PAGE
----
In early June, I traveled to Montreal in order to participate in the 2012 McGill/ICASP colloquium. “ICASP” stands for Improvisation, Community, and Social Practice, which is a large-scale nationally-funded research project in Canada. The 2012 colloquium focused on the intersections of improvisation, technology, and critical theory about the body, under the title, “Skin-Surface-Circuit.” I was lucky enough to co-present with my colleague and good friend, Dr. Kevin Patton (artist site here, professional site here), and we talked about improvisation, boutique guitar pedal circuits, ethics, and business models. It all worked out quite well, and we received some great comments and feedback. Here is the Prezi we used (though it might not make much sense without us talking over/around it):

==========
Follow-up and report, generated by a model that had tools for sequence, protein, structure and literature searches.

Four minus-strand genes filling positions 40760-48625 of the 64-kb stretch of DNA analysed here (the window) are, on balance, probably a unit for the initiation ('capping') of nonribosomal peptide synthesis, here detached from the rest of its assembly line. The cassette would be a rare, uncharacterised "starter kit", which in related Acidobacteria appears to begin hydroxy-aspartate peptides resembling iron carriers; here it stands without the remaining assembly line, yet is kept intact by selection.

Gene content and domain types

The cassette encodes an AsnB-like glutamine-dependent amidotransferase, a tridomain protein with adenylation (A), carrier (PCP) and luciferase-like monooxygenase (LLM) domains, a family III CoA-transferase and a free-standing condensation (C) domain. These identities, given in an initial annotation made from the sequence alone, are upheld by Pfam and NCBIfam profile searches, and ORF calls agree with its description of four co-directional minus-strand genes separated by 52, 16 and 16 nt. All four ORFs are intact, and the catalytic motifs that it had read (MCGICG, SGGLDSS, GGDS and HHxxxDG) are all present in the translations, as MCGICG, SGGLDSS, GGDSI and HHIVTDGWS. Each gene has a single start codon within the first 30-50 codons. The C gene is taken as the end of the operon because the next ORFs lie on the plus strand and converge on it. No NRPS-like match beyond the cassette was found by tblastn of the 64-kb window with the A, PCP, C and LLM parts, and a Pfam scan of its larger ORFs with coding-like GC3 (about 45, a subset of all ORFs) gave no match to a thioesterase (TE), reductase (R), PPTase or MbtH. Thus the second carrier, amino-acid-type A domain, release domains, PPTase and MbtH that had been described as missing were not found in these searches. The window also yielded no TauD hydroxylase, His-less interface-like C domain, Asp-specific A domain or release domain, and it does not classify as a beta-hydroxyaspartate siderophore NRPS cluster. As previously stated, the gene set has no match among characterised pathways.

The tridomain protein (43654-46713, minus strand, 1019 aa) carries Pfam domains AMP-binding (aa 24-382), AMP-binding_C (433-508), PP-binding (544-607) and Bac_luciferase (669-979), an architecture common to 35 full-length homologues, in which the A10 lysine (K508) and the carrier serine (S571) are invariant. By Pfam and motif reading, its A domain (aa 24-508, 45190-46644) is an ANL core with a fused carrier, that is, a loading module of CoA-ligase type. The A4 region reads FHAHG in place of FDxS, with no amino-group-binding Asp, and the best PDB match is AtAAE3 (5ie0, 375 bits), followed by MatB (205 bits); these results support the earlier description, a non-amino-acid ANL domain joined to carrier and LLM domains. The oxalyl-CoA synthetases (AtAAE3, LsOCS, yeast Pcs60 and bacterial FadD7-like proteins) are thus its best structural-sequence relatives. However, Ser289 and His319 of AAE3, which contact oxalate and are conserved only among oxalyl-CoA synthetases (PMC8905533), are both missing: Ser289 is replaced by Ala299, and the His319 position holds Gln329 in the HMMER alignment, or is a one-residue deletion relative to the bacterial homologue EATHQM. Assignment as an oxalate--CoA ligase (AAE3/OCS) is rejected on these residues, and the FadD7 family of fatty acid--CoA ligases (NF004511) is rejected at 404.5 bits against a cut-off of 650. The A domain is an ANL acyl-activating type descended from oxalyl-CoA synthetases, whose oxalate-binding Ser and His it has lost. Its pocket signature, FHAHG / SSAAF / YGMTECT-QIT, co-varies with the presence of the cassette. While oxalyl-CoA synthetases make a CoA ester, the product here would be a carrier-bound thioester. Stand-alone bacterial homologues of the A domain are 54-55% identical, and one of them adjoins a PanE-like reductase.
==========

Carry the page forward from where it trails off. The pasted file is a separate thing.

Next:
One of the coolest things I encountered during the ICASP symposium was the Adaptive Use Musical Instruments project, which is housed in the Deep Listening Institute. We all participated in a demo of the tools/software at a school focused on other-abled kids, and it was somewhat transformative to be part of that effort. I highly recommend going to the AUMI site and checking out the materials, but if you don’t I’ll just say that the software takes advantage of various digital technologies and available computer equipment in order to make “music” and “instruments” more widely accessible for people of all ages and abilities.
For a month I was out of the country with my family, traveling to Dakar, Senegal and then on to an area in the French part of the Swiss Alps. This was mostly fun, though I did a bit of work-related stuff by meeting scholars and artists in Dakar. The art scenes around Dakar were lively (long tradition of that since Senghor), and I’ve put together a small Flickr set documenting our travels. Here’s a sample image from the artists’ colony on Goree island, and clicking it should take you to the set: